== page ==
In his paper "knowledge of other minds" ("review of metaphysics", Volume ix, June, 1956, Pages 565-568), Nicholas karalis attempts to demonstrate that numerically identical acts of thought can occur in different minds. The cogency of his arguments is questioned. It is contended that some of them rest on a confusion between what is known and what is true.
    Direct download (3 more)  
     
    Export citation  
     
    My bibliography  
  29.  5
    G. Thomas Goodnight (2013). The Virtues of Reason and the Problem of Other Minds: Reflections on Argumentation in a New Century. Informal Logic 33 (4):510-530.
    From early modernity, philosophers have engaged in skeptical discussions concerning knowledge of the existence, state, and standing of other minds. The analogical move from self to other unfolds as controversy. This paper reposes the problem as an argumentation predicament and examines analogy as an opening to the study of rhetorical cognition. Rhetorical cognition is identified as a productive process coming to terms with an other through testing sustainable risk. The paper explains how self-sustaining risk is theorized (...)
    Direct download (5 more)  
     
    Export citation  
     
    My bibliography  
  30. Mark R. Addis (1999). Wittgenstein: Making Sense of Other Minds. Ashgate.
    The difficulties about other minds are deep and of central philosophical importance. This text explores attempts to apply Wittgenstein's concept of criteria in explaining how we can know other minds and their properties. It is shown that the use of criteria for this purpose is misguided.
    Direct download  
     
    Export citation  
     
    My bibliography  
  31. G. Thomas Goodnight (2013). The Virtues of Reason and the Problem of Other Minds: Reflections on Argumentation in a New Century. Informal Logic 33 (4):510-530.
    From early modernity, philosophers have engaged in skeptical discussions concerning knowledge of the existence, state, and standing of other minds. The analogical move from self to other unfolds as controversy. This paper reposes the problem as an argumentation predicament and examines analogy as an opening to the study of rhetorical cognition. Rhetorical cognition is identified as a productive process coming to terms with an other through testing sustainable risk. The paper explains how self-sustaining risk is theorized (...)
    Direct download (3 more)  
     
    Export citation  
     
    My bibliography  
  32. Douglas C. Long (1975). Other Minds (Film). [REVIEW] Teaching Philosophy 1 (2):179-181.
    D. C. Long's review of a color film of a lively discussion of the problem of other minds featuring A. J. Ayer and G. N. A. Vesey. Ayer invokes the traditional argument from analogy to explain our knowledge of other minds. Vesey attempts to rebut Ayer's argument along Wittgensteinian lines, appealing to the essential role that the natural expression of psychological states plays in our learning of psychological words referring to those states. Filmed in Ayer's lodgings. (...)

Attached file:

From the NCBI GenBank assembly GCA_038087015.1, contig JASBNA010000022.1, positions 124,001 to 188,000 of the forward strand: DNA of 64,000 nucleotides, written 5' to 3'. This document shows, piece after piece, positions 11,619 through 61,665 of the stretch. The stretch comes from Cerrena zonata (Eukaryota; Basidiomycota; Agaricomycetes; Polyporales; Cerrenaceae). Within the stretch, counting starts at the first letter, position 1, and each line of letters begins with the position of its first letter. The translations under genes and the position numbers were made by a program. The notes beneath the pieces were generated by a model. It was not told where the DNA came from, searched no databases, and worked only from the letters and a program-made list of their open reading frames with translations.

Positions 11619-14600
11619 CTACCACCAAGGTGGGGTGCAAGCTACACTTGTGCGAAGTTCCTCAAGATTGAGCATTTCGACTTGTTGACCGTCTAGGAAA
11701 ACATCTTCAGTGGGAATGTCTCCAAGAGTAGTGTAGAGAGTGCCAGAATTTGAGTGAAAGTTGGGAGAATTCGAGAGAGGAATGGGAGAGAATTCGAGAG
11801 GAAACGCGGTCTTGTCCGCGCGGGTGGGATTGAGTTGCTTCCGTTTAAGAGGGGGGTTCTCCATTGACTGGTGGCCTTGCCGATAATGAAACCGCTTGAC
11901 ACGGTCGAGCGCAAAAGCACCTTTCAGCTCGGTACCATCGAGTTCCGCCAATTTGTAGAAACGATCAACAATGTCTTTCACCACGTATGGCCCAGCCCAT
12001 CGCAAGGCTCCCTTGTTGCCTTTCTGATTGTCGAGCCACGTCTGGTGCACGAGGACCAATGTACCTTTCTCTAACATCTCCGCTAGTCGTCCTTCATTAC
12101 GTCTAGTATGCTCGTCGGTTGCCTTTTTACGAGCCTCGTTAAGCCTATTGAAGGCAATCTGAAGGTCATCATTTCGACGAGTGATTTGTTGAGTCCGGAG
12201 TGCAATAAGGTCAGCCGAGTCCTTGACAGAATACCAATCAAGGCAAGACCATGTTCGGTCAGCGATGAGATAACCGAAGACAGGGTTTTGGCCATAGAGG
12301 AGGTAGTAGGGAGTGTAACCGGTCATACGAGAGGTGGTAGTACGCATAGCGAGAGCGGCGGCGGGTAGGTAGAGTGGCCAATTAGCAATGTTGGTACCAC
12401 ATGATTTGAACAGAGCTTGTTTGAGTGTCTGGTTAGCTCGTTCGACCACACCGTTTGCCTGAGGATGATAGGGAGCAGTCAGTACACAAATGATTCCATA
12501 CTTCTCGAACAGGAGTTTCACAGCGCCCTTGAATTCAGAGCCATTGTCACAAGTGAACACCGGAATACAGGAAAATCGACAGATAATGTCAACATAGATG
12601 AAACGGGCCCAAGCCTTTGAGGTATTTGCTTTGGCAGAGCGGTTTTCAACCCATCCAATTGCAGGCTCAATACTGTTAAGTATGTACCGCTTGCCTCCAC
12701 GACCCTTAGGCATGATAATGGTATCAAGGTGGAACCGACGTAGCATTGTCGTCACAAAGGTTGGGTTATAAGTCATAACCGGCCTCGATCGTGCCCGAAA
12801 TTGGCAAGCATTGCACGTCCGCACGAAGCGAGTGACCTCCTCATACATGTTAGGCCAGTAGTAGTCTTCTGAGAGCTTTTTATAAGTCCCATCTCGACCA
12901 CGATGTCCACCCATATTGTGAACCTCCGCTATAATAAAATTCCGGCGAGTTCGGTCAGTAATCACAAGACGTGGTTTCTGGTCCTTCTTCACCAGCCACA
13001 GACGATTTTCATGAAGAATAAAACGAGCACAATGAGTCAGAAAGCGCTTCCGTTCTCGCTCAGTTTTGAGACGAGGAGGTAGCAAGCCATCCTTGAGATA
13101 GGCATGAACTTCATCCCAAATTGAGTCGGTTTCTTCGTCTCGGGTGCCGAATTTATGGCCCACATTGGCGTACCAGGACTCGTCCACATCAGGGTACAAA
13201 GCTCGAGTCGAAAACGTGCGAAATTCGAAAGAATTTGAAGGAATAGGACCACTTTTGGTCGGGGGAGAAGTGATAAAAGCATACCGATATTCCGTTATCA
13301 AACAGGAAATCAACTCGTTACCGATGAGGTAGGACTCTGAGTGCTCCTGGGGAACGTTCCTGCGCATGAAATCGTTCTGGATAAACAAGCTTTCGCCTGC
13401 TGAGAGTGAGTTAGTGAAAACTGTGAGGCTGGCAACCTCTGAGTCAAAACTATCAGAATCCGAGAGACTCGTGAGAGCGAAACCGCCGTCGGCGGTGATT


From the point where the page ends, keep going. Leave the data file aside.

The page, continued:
Direct download (2 more)  
     
    Export citation  
     
    My bibliography  
  33.  14
    Harrison B. Hall (1976). Criteria, Perception and Other Minds. Canadian Journal of Philosophy 6 (June):257-274.
    The paper uses thompson clark's theory of the relation of perceptual parts and wholes to illuminate certain aspects of our knowledge of other minds. The thesis is that the traditional problem can be usefully broken down into two parts--One of which calls for a better understanding of the logic of perceptual concepts; the other, For a closer look at what happens when we try to take the epistemological skeptic seriously.
    Direct download (4 more)  
     
    Export citation  
     
    My bibliography  
  34.  67
    Chad Engelland (2016). Perceiving Other Animate Minds in Augustine. American Catholic Philosophical Quarterly 90 (1):25-48.
    This paper dispels the Cartesian reading of Augustine’s treatment of mind and other minds by examining key passages from De Trinitate and De Civitate Dei. While Augustine does vigorously argue that mind is indubitable and immaterial, he disavows the fundamental thesis of the dualistic tradition: the separation of invisible spirit and visible body. The immediate self-awareness of mind includes awareness of life, that is, of animating a body. Each of us animates our own body; seeing other animated (...)
    Direct download (4 more)  
     
    Export citation  
     
    My bibliography  
  35. Anil Gomes (2015). Testimony and Other Minds. Erkenntnis 80 (1):173-183.
    In this paper I defend the claim that testimony can serve as a basic source of knowledge of other people’s mental lives against the objection that testimonial knowledge presupposes knowledge of other people’s mental lives and therefore can’t be used to explain it.